The announcement also made it clear that regulating cultured meat – which involves producing meat from growing animal cells outside an animal – falls squarely within the FDA's remit, despite calls for USDA to create new regulations governing clean meat.
In a statement about the meeting, to be held on July 12 at FDA’s Center for Food Safety and Applied Nutrition HQ in Maryland, the agency explained: “Under the Federal Food, Drug, and Cosmetic Act, FDA has jurisdiction over ‘food,’ which includes ‘articles used for food’ and ‘articles used for components of any such article.’
“Thus, as a starting point, both substances used in the manufacture of these products of animal cell culture technology and the products themselves that will be used for food are subject to FDA’s jurisdiction and applicable statutory and regulatory food safety and food labeling requirements.”
As to the mechanisms available, it said: “FDA has a variety of pre- and postmarket programs for evaluating the safety of substances used in the production and manufacture of foods, including, for example, food additive and color additive regulations and preventive control requirements.”
Attorney: FDA, not the USDA, will have primary jurisdiction over cultured meat
Rebecca Cross, an attorney formerly with Davis, Wright, Tremaine LLP and now with Outermost House, an incubator for plant-based and cell-cultured food companies launching later this year, told FoodNavigator-USA that she saw two key takeaways:
"One, that FDA, not the USDA, will have primary jurisdiction over cultured meat — at both pre-market and post-market stages.
"Two, that the FDA sees no need for new regulations to oversee cultured meat — either pre-market or post-market. The agency explains that cultured meat, while innovative, uses technologies that the FDA already regulates and, once scaled-up, will be processed using traditional food manufacturing processes that it regulates under FSMA. The regulatory pathway will, therefore, be through an existing FDA program, which may be as a food additive, through GRAS designation or something else."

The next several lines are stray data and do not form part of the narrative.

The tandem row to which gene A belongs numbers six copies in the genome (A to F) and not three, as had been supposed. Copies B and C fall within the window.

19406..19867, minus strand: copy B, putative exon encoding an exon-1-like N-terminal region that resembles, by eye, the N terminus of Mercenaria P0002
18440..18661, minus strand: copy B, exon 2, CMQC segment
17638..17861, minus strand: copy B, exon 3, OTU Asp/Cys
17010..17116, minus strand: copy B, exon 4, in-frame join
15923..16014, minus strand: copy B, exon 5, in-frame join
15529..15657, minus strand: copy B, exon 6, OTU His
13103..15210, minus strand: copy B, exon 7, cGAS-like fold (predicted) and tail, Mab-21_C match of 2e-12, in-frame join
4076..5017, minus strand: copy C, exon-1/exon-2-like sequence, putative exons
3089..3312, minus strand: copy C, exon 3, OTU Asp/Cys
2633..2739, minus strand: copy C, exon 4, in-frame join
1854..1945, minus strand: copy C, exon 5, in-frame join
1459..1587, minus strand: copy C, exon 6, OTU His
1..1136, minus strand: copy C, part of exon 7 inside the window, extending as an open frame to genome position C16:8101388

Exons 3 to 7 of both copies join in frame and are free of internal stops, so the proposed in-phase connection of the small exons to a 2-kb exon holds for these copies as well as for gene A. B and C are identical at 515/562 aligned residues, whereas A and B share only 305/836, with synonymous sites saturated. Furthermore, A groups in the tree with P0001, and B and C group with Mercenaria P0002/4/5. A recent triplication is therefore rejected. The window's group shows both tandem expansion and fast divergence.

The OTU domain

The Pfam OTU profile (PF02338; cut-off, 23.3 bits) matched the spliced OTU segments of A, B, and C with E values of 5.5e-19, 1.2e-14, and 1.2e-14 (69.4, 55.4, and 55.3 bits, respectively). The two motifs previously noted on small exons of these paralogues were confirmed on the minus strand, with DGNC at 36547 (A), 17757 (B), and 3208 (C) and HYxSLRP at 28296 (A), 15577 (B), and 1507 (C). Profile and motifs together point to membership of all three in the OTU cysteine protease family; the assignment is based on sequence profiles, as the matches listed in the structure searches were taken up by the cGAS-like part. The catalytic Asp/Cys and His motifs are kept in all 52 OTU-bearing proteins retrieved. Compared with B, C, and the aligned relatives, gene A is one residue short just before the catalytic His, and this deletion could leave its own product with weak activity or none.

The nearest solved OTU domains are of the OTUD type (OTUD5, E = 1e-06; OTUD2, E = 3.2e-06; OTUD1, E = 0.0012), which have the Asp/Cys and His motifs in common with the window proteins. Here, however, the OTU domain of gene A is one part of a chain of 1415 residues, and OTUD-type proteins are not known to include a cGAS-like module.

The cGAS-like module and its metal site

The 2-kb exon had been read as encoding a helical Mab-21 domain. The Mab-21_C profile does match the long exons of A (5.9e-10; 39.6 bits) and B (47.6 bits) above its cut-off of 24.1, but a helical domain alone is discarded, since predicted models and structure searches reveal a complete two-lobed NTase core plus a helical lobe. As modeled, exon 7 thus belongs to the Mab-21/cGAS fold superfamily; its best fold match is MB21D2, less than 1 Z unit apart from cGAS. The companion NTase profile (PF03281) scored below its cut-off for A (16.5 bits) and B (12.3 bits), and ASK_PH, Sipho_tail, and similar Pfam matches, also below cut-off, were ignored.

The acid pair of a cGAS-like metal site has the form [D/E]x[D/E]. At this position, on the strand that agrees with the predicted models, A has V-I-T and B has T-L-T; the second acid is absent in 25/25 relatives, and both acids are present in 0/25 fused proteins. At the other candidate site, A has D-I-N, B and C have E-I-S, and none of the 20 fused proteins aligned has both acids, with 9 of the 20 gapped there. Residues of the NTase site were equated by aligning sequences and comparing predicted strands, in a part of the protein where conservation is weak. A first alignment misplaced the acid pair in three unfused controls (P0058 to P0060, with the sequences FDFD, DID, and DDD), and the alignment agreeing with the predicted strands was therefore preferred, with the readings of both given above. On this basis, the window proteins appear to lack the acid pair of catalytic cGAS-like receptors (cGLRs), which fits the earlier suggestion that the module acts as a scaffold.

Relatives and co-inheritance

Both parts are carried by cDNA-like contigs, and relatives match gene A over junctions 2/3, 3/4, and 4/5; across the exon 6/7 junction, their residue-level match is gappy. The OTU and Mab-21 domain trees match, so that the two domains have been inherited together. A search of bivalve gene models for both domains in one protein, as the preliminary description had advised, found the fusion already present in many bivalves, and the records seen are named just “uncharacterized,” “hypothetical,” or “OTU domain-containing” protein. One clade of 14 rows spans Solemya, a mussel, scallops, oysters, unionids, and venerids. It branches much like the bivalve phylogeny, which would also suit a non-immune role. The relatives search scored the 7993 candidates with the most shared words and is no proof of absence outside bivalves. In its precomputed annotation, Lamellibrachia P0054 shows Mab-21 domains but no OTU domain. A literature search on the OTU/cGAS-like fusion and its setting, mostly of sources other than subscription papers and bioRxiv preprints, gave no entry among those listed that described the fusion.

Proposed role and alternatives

Good Food Institute: It makes sense for FDA to regulate clean meat
The Good Food Institute - which works with companies in the cultured and plant-based meat space – also welcomed the FDA’s announcement, said director of policy Jessica Almy, who noted that the FDA has experience with new technologies and production methods that are most closely analogous to clean meat, which comes with significantly reduced risk of microbial contamination.
“It makes sense for FDA to regulate clean meat. FDA regulates food. Both the Federal Meat Inspection Act and the Poultry Products Inspection Act are intended to give USDA the authority to regulate the slaughter of animals. Because there is no slaughterhouse involved in clean meat production, it is not clear how these laws would apply to clean meat.”
She added: “We are heartened to see that FDA is engaged in thinking through how clean meat can come to market under the existing regulatory framework.”
Eric Schulze, VP of product and regulation at clean meat co Memphis Meats, said he looked forward to participating in the meeting on July 12: "Memphis Meats believes that stakeholders across government, including FDA and USDA, and the meat and poultry industries should work together to clarify how the existing regulatory framework applies to clean/cultured meat, while supporting innovation."